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Volume Analysis – Intro Chapter 4, Carrier 1.Volume structure 2.Volume analysis 3.Volume recovery

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Presentation on theme: "Volume Analysis – Intro Chapter 4, Carrier 1.Volume structure 2.Volume analysis 3.Volume recovery"— Presentation transcript:

1 Volume Analysis – Intro Chapter 4, Carrier 1.Volume structure 2.Volume analysis 3.Volume recovery e512/?utm_source=rss&utm_medium=rss&utm_campaign=windows-7-mbr-advanced-format- drives-e512st.txt

2 Nomenclature Windows Partitions are referred to as “Volumes” The rest of the world Partitions are referred to as partitions Volume is a physical drive VG – Volume Group is a logical grouping of partitions managed by the LVM

3 Volume Functions A volume is a collection of addressable sectors that can be used for storage Assemble multiple storage volumes into one. Partition a storage volume into independent partitions

4 Partitions, Named Volumes Windows Example Partition 1Partition 2Partition 3 Hard Disk Volume C: VolumeD: VolumeE: Volume Thanks to Priscilla Source: B. Carrier

5 Partitions A partition is a collection of consecutive sectors in a volume A partition is also a volume A partition's parent volume is the volume in which the partition is located

6 Partition Systems Structure of partition system is OS dependent Independent of the disk/interface Most volumes have a partition table Each entry describes the location, size and type of partition Usually there is nothing that distinguishes the beginning or end of a partition If the volume is one partition, the partition table is often missing.

7 Generic Partition Table Starting Sector 0 99 FAT NTFS NTFS Ending Sector File System Type

8 Volume Assembly Some OS's force each device/disk to be a volume Windows and DOS Some of the more robust OS's use volume assembly to make many/all disks look like one volume. Unix and derivations

9 Windows Mount Points Volume 1 C: D: E: \Program Files\ \Windows\ \Torture Office\ Volume 2 CD-ROM

10 Unix Mount Points Volume 1 / CD-ROM Volume 2 /etc/ /mnt/cdrom/ /tmp/ /usr/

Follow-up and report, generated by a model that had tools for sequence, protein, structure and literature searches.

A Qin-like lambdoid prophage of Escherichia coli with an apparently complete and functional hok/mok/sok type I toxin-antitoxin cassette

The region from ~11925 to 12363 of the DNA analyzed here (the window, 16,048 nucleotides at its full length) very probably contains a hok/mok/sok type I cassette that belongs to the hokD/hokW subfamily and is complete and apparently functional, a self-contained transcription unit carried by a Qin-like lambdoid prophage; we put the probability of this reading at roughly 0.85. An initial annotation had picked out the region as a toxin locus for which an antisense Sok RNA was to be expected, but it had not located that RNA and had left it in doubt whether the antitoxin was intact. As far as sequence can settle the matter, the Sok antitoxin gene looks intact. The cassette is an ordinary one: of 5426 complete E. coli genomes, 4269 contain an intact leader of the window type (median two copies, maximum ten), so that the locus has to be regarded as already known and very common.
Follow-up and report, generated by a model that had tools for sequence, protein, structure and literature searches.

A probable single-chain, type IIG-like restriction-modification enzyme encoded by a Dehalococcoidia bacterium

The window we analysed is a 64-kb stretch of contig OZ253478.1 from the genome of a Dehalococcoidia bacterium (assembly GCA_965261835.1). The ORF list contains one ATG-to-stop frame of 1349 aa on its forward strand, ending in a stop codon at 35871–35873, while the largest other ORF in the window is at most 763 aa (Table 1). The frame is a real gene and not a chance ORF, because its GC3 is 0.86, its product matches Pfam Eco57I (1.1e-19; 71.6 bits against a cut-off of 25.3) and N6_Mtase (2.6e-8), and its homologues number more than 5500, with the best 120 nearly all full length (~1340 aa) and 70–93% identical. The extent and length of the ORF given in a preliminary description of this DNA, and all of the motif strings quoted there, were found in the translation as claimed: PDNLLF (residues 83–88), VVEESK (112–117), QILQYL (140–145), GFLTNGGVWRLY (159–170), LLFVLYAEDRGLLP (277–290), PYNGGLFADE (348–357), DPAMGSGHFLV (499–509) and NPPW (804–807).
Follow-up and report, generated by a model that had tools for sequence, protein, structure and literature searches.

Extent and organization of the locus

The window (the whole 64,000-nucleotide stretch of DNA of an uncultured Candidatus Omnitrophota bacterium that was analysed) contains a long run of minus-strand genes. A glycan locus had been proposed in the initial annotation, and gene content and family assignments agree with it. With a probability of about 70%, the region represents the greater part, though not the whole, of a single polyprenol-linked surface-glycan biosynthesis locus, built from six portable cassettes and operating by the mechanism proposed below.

11 Sector Addressing LBA – Logical Block Address is a physical sector address beginning at 0 which is the first sector of the disk. LVA – Logical Volume Address is the address of a sector relative to the start of its volume. Distinguish between disk and partition Logical disk volume address Logical partition volume address

12 Addressing Terminology Partition 1 Starting Address: 0 Physical address: 100 Logical Disk Volume Address: 100 Logical Volume Part. Address: 100 Partition 2 Starting Address: 864 Physical address: 569 Logical Disk Volume Address: 569 Logical Volume Part. Address: N/A Physical address: 964 Logical Disk Volume Address: 964 Logical Volume Part. Address: 100

13 Volume Analysis Partition layout of the volume is important Consistency Corruption Unallocated space Evidence Recovery

14 Techniques Data in a partition is likely to be a file system. Data in sectors not in a partition is likely to be data left over from a previous life Using dd we can create a file for each partition Using dd we can also create files of consecutive unallocated sectors

15 Consistency Checks Consecutive collections of sectors, utilizing the entire disk/device Consecutive collections of sectors, not utilizing the entire disk/device Over lapping collections of sectors Missing partition tables or corrupted tables, intentional or accidental

16 DOS Partitions MBR is the first 512-byte sector  Boot code (Bytes 0-445)  Partition table (bytes )  Signature (bytes , value = 0xAA55) Partition table has four entries

17 DOS Disk Partition 1Partition 2 Partition Table

18 Extended Partitions Partition 1Partition 2 Partition Table Extended Partition First Extended Partition is always number 5.

19 Extended Partitions PartitionExtended Partition Partition Extended Partition PartitionExtended Partition Partition

20 Master Boot Sector/Record First sector of the device Contains boot code Contains the partition table Last byte is 0x55AA

21 MBS Structure 1FE Boot code – Master Boot Record, MBR 1CE 1DE 1FD 1FF 1EE 1BE 000 1ED 1DD 1CD 1BD 1 st Partition Entry 2 nd Partition Entry 3 st Partition Entry 4 st Partition Entry Signature value = 0x55 aa

22 Partition Table Four 16-byte Entries Each entry describes a partition  Bootable flag (0x80 means bootable)  Starting CHS address  Partition type  Ending CHS address  Starting LBA address  Size (number of sectors in partition)

23 Partition Entry Structure 0C Bootable flag: 0x80 – bootable, 0x00 – not bootable B 0F Starting CHS Address – (C, H, S) Partition type – 0x83 = linux, 0x82 = swap Ending CHS Address Starting LBA Address Size in Sectors